Diane says that she tried to introspect while going to the grocery store but couldn’t figure out what someone would think about, besides, “There’s some red shopping baskets! I’m going to take a red shopping basket.” She likened her brain to a video camera that’s just pointed at various things in the world (“Most of it doesn’t stay very long and goes right back out”). She never spends time “feeling just mildly guilty or mildly regretful” about anything she’s said, and, when it comes to opinions, “I don’t think I have that many opinions,” she says. “Or if I do, they’re not strongly held.”

Diane also added that she didn’t realize thinking about one’s own thoughts and feelings was even a thing until she was 24, was reading about a girl who almost died of flesh-eating bacteria, and was suddenly faced with her own mortality as well as the fact that her parents were going to die someday. “It all just came rushing out,” she said.

As a millennial, I realize dissociation is nothing new and that Gen Z has already turned ignorant bliss into a trend. It’s why the term “bimbo” has reemerged in an endearing way; why Love Island goes viral; why TikTok is so popular. “It takes privilege to be able to tap out on social issues, but at the same time, our brains were not meant to process global suffering on the scale that the internet exposes us to,” Internet culture expert Kelsey Weekman told Jezebel’s Emily Leibert in October. “Gen Z has been raised with that kind of information accessible to them since they could hold a phone, and it’s exhausting.” As Leibert wrote:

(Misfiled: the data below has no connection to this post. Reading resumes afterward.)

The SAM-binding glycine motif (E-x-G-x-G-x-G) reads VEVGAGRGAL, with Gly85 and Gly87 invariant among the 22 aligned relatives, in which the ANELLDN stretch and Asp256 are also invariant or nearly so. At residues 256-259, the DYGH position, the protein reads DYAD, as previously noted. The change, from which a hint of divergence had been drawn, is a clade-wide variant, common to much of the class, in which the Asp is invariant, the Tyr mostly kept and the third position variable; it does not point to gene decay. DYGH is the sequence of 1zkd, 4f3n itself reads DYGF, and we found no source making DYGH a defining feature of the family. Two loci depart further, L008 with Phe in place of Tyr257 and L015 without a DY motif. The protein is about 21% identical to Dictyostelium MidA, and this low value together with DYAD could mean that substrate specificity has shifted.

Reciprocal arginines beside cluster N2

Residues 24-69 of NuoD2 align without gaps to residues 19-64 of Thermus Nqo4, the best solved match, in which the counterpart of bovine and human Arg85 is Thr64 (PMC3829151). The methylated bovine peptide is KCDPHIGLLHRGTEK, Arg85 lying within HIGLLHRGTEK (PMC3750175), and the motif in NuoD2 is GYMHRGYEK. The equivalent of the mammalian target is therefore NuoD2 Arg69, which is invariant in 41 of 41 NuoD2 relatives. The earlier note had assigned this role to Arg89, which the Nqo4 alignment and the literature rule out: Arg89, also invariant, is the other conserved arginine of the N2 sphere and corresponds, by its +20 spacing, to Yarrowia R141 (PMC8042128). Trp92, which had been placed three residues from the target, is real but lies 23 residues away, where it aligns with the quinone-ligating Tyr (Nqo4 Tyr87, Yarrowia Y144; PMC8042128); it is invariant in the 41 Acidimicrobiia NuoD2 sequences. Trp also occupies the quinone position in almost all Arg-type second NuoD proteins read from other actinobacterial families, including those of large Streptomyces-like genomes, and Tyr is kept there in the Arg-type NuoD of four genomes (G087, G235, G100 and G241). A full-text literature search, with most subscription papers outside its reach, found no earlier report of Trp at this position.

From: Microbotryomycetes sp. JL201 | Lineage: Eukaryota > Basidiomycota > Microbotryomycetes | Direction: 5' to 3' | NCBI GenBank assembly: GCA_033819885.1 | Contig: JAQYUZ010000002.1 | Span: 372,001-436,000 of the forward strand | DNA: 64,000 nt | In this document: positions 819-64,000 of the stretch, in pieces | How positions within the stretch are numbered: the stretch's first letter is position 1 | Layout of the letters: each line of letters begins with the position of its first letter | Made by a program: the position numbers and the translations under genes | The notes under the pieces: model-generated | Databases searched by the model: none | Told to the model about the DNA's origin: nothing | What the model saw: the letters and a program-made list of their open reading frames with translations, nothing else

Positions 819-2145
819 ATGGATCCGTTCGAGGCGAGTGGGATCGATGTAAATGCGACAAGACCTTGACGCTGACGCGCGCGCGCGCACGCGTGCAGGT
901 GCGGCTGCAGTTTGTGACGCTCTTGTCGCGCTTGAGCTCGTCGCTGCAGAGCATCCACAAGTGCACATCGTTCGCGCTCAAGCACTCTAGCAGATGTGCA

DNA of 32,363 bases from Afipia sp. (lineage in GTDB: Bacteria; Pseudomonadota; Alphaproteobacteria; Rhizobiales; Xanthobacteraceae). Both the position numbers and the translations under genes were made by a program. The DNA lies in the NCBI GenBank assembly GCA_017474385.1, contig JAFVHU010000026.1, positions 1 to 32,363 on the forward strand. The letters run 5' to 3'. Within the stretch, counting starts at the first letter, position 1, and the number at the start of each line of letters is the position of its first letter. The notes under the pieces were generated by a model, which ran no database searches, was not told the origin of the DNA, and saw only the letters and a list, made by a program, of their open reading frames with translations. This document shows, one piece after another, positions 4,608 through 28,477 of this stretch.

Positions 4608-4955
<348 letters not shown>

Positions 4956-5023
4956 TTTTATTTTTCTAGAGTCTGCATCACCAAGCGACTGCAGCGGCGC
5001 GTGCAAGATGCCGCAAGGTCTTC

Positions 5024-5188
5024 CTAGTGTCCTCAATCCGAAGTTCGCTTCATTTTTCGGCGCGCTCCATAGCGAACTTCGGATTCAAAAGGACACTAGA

Much of Love Island’s popularity, however, isn’t about yearning so much as it is about the fantasy of mindlessness: the freedom to recline in a pool floaty as you dive into the deep end of vapidness without a thought. Consuming news, debating politics, or theorizing about the state of feminism are all off-limits. The little information the Islanders do receive is constrained to a world the size of a luxury villa in Mallorca—one marked by the simple things, like eternal sunburns and lovers unfit to stand the test of anything beyond a lap dance contest.

Essentially, Diane is every Gen Z’ers dream. I don’t want to not know what’s going in the world—I just don’t want to be thinking about how I think and feel about my thoughts about it every damn second.

“I think before we started talking about all of this, I thought it was bad,” Diane told Sullivan about her lack of introspection. “I thought there was too much space in my head that was going to waste or something. But now that we’ve been talking about it, it is nice to have room. I feel like it lets me— I feel generally sensitive to the world around me and to other people. And I think it’s actually kind of nice that there is room to let the world in.”

Sounds lovely. If you spot me on the beach this weekend—or anywhere this summer—intensely focusing off into the distance, know that I’m trying my fucking hardest to empty my brain of its infinite banalities to try and morph it into a video camera that is simply observing the ocean. No Thoughts, Just Vibes Summer 2023!!! LFG!